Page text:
Pest control: Dry heating air ensures that indoor plants are particularly likely to be infested by spider mites in December. You should therefore regularly examine the leaves of your plants for the typical damage pattern with fine white speckles on the leaf surface. In the event of an infestation, you should then immediately take countermeasures, for example with our Plantura pest-free neem, to prevent the pest from spreading.
Adjust care: In winter, not only are garden plants dormant, potted plants also take a break. Plants that overwinter indoors at low temperatures, in particular, hardly need any nutrients in this phase and should therefore no longer be fertilized. The pouring intervals can also be increased slowly. But even indoor plants can often be damaged with fertilization in winter, so that you only have to pay attention to an adequate water supply.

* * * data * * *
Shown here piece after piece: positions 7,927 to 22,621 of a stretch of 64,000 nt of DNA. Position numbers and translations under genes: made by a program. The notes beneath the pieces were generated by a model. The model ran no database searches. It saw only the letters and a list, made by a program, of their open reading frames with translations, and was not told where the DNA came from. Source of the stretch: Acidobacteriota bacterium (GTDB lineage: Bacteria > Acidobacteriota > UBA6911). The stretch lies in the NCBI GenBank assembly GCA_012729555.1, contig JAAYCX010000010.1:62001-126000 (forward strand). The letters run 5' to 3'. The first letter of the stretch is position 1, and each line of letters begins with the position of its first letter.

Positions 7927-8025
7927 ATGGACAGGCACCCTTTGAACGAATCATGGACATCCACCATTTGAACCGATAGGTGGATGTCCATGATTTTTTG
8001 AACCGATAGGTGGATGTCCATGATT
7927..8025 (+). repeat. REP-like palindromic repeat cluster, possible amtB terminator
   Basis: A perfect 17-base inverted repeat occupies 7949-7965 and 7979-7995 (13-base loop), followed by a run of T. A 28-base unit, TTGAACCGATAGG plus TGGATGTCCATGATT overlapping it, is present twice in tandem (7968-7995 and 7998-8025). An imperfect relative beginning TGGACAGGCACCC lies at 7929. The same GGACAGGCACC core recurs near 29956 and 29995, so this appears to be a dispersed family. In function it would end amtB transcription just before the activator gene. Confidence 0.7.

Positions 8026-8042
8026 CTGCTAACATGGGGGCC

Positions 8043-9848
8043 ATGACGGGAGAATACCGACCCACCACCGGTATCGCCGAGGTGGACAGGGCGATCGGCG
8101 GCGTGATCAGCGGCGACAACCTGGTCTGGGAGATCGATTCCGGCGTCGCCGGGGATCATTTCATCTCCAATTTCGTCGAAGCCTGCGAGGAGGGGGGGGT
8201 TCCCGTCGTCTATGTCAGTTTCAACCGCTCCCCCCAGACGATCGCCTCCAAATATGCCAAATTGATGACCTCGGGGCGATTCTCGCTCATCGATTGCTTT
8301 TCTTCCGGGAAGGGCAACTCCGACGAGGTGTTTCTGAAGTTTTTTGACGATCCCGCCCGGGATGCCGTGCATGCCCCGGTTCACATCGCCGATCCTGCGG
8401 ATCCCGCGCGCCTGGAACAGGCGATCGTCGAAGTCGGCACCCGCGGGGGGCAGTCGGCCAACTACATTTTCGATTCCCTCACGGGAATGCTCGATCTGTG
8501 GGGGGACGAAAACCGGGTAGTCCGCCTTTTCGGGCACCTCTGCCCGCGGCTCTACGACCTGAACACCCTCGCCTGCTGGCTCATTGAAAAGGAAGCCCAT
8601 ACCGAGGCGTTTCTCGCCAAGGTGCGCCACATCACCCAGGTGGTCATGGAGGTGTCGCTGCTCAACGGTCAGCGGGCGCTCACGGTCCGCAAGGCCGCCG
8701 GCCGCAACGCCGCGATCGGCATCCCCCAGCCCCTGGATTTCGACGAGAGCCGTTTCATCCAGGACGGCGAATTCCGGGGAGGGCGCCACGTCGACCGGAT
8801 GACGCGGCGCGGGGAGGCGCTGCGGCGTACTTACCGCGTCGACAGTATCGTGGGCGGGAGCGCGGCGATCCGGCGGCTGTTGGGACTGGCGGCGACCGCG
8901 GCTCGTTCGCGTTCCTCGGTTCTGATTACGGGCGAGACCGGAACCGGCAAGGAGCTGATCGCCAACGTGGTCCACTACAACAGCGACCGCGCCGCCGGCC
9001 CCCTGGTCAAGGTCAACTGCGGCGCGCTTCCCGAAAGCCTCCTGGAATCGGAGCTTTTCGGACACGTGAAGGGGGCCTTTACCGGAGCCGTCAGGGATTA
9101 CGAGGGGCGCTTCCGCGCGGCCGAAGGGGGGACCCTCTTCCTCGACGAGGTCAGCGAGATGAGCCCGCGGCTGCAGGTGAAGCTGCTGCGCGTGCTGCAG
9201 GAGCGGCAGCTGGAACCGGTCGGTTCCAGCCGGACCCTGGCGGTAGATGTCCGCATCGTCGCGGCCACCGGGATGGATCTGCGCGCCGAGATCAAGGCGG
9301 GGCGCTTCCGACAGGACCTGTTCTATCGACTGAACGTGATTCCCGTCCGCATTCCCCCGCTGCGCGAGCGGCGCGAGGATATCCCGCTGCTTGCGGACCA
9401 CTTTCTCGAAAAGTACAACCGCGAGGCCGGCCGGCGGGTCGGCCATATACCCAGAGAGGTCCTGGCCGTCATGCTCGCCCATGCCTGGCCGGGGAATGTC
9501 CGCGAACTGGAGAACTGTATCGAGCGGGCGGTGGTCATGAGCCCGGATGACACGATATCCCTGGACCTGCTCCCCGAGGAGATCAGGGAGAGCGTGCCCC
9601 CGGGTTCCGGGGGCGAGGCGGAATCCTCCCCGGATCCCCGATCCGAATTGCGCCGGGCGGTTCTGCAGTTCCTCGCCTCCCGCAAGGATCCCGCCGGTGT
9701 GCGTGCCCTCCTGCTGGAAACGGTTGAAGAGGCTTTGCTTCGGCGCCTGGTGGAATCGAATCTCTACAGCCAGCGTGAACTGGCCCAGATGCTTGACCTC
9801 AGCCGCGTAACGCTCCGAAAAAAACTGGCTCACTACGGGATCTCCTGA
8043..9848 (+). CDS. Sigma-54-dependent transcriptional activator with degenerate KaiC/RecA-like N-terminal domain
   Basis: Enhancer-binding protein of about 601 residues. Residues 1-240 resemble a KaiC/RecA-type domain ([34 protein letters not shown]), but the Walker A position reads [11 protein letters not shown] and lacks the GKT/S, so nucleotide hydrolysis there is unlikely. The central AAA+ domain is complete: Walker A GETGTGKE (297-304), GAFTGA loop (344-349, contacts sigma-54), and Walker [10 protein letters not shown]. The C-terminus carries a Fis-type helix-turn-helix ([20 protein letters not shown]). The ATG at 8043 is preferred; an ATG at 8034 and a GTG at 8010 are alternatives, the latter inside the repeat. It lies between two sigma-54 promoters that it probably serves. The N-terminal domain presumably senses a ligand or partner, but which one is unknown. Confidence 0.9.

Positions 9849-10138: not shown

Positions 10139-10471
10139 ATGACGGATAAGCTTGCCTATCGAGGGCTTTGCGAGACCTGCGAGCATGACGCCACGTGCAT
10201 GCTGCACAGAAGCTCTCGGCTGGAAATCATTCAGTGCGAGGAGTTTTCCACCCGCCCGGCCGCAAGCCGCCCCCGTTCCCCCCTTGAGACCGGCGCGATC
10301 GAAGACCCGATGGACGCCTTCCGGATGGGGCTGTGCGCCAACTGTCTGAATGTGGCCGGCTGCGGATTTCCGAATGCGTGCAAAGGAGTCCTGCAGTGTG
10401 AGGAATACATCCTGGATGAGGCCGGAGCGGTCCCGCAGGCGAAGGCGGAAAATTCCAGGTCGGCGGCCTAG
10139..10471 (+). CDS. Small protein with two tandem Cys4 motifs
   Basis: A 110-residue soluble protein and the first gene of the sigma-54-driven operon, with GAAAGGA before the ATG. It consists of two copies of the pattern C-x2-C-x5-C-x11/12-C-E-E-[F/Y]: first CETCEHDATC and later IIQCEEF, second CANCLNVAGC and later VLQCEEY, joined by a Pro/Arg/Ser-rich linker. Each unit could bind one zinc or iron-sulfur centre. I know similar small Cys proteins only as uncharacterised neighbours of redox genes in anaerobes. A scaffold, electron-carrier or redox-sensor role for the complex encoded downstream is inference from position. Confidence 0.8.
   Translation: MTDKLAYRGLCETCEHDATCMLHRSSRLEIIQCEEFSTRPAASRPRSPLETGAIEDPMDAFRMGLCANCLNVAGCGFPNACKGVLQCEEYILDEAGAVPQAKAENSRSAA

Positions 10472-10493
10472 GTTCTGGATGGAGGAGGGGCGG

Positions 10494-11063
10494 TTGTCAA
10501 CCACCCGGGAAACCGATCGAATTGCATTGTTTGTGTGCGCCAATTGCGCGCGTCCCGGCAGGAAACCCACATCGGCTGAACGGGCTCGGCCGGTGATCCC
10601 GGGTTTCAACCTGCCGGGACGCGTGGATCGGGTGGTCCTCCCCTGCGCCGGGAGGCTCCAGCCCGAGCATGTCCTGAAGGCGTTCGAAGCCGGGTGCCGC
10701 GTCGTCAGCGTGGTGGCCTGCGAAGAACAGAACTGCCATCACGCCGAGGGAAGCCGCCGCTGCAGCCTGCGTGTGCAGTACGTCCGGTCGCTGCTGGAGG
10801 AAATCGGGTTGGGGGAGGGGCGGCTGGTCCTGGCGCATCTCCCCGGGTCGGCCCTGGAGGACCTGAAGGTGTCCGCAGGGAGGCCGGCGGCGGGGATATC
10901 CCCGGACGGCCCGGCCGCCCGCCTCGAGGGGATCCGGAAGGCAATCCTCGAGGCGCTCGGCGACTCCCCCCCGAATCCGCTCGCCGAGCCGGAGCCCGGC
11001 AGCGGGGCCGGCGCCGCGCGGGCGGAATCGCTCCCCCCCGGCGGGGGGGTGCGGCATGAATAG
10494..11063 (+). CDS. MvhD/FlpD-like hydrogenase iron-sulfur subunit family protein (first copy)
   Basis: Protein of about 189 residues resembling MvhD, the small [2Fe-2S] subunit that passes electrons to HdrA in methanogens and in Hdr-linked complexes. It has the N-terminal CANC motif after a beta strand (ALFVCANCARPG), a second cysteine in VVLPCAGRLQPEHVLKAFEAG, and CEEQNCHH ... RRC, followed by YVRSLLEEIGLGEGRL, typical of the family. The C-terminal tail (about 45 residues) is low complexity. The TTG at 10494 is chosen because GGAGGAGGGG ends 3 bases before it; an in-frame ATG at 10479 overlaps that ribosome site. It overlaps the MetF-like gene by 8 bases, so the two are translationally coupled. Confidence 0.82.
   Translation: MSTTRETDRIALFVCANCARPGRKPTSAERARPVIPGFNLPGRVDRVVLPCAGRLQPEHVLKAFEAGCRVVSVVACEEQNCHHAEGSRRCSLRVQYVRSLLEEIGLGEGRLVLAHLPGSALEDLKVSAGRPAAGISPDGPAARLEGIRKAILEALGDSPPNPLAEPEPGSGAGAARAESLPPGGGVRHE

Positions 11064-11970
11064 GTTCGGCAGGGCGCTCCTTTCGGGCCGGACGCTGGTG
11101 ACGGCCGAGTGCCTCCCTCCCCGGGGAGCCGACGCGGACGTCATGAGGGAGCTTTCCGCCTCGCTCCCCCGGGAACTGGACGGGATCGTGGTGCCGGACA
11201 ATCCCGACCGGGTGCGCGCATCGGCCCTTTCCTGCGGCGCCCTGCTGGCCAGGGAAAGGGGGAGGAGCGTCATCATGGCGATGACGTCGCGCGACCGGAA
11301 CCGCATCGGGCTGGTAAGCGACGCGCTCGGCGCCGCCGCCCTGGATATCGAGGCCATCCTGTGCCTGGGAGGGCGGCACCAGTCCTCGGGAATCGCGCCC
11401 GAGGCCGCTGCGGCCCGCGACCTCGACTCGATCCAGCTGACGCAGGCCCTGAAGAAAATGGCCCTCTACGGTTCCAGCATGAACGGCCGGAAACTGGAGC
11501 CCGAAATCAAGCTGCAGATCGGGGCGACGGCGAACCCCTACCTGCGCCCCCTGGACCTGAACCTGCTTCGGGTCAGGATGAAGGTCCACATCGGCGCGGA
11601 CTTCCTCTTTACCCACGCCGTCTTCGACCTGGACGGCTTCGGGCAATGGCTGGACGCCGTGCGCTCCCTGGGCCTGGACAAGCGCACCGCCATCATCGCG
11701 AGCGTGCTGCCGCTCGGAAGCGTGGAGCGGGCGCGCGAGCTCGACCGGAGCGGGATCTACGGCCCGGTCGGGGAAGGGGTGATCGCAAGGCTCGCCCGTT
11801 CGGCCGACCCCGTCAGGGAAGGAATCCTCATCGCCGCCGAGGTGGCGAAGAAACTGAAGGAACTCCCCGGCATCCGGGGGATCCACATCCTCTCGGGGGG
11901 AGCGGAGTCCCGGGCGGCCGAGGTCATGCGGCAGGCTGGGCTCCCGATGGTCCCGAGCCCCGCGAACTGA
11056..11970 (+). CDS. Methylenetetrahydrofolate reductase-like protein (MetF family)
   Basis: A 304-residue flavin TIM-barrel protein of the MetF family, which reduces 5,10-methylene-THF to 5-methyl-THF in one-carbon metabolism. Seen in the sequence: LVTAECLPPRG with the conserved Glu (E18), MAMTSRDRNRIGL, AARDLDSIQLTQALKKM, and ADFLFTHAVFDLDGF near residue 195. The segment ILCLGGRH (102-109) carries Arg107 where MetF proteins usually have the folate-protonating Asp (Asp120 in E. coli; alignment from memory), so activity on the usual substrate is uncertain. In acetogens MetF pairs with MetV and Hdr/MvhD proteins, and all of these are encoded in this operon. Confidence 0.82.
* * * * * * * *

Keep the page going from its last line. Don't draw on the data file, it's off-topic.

Together with December, the Christmas festival and with it the purchase of a Christmas tree are just around the corner. In our article we will tell you whether a traditionally felled Christmas tree makes more sense or whether you should opt for the variant in a pot: A Christmas tree in a pot: A sensible alternative ?.
And what work to do after the holidays can be found in our article on gardening in January.